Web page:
Work Arrangements: Improved Collaboration Could Enhance Labor Force Data 

The United States General Accountability Office (GAO) recommends that the Department of Labor and Office of Management and Budget work to improve data for nonstandard and contract work arrangements because data collection on these workers is spread among federal agencies who, among other things, use different terms to describe these workers. The GAO writes: 

Millions of U.S. workers are in nonstandard and contract work arrangements—that is, work that is not permanent, year-round, and full-time employment with predictable hours.

Policymakers want to understand such work arrangements and how workers fare in terms of wages, benefits, and workplace safety. However, federal agencies define and measure these arrangements in various ways, so it’s hard to know their prevalence and outcomes.

We recommended that the Department of Labor and the Office of Management and Budget work on increasing collaboration among federal agencies—such as by establishing a working group—to improve data about these workers.

Driving for a Ridesharing Service Is an Example of Nonstandard Work

The inside of a car with a driver and a person in the back seat holding a cellphone.

Highlights

What GAO Found

Federal agency estimates vary widely with respect to the share of workers in nonstandard and contract work arrangements—that is, work that is not permanent, year-round employment with predictable full-time hours. Estimates range from less than 5 percent to over 30 percent of the total workforce, depending on the type of arrangement measured, how it is defined, and methodology used. In addition, limited data are available on worker outcomes, such as those relating to workplace safety, wages, and access to benefits. However, available data indicate that nonstandard and contract workers generally have fewer benefits and workplace protections than permanent, full-time employees.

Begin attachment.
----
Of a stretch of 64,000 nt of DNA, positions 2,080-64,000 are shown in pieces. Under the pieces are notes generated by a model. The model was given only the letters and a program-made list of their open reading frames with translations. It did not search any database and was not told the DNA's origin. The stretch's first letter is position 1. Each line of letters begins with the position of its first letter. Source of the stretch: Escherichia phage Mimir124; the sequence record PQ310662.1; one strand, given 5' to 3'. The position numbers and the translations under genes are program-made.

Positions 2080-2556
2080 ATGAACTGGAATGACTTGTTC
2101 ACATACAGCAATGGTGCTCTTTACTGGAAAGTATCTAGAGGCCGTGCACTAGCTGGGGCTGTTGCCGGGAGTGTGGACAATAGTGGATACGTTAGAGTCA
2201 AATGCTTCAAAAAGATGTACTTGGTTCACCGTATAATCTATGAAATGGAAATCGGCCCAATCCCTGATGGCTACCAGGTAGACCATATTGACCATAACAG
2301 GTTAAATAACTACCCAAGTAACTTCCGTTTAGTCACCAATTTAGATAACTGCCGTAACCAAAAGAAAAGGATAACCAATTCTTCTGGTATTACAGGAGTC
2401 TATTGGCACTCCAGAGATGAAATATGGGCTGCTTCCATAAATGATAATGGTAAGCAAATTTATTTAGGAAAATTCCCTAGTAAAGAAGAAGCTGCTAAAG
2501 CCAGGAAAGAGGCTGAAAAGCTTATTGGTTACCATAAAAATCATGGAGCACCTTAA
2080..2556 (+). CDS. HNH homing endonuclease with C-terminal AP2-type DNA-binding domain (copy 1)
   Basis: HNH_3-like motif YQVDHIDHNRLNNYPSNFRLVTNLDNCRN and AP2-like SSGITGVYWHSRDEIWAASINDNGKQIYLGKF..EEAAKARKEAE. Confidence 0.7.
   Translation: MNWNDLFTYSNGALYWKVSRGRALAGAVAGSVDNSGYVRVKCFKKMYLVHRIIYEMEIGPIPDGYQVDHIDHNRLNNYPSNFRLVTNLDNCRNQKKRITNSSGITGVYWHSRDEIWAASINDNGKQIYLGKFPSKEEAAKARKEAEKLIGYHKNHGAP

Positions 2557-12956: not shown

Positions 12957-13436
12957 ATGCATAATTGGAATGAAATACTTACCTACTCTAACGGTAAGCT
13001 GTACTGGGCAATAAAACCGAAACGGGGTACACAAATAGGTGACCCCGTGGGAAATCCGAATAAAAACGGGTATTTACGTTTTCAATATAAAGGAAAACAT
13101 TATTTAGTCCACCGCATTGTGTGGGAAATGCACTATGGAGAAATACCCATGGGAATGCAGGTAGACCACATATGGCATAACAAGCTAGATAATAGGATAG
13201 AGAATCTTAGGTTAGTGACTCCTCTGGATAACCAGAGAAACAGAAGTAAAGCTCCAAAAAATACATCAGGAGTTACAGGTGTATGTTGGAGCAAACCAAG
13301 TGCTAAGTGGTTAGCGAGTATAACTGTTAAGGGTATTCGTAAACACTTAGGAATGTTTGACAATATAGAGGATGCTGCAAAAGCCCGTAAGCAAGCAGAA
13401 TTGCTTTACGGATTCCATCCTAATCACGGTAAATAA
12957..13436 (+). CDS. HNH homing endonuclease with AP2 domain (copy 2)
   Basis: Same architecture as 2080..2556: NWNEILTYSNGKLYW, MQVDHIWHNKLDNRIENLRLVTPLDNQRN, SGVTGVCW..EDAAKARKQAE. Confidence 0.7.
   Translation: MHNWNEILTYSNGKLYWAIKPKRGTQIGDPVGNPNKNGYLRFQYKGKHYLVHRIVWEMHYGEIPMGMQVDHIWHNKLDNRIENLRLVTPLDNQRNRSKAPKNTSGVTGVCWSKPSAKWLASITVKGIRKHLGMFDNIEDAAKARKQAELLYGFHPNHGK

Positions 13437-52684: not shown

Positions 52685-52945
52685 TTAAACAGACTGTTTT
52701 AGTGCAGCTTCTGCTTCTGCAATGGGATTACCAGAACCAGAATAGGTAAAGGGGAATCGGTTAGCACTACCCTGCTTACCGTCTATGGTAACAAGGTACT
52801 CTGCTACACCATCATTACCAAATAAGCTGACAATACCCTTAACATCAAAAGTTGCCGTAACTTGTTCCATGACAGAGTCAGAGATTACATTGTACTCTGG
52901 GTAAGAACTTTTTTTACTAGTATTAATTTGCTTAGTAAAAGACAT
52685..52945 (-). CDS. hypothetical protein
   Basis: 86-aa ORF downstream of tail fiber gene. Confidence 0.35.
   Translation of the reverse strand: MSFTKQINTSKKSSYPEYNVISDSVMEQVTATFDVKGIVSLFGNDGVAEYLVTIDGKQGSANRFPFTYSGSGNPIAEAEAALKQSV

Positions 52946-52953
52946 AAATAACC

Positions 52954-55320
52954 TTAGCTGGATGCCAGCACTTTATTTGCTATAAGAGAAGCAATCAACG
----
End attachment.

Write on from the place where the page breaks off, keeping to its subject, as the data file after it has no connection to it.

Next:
Data collection on nonstandard work arrangements is fragmented across at least seven federal agencies, which measure different populations and use varied terms and methodologies to meet specific purposes. This fragmentation contributes to limitations in data quality and results in varying estimates of nonstandard and contract work arrangements that are not directly comparable. As shown below, multiple terms may be used by one or more agencies to describe a single job—such as a dog walker—depending on specific circumstances.

Selected Terms That May Be Applied to the Same Work (Dog Walker), by Federal Entity

Selected Terms That May Be Applied to the Same Work (Dog Walker), by Federal Entity

Federal agencies have taken some steps to address data limitations relating to nonstandard and contract workers, such as commissioning a panel to review a key survey of these workers. However, interagency efforts do not include an ongoing collaborative mechanism, such as a committee or working group, and have not been effective in addressing data quality issues or fragmentation. Agencies reported prioritizing the needs of their individual programs in their data collection efforts. Without an ongoing interagency collaborative mechanism in place—and agencies providing coordination and leadership for such an effort— agencies can risk working at cross purposes and lack incentives to prioritize crosscutting concerns. Data improvements from such an effort could help policymakers and others better understand this labor market segment and worker outcomes in it.

Source: Work Arrangements: Improved Collaboration Could Enhance Labor Force Data | U.S. GAO

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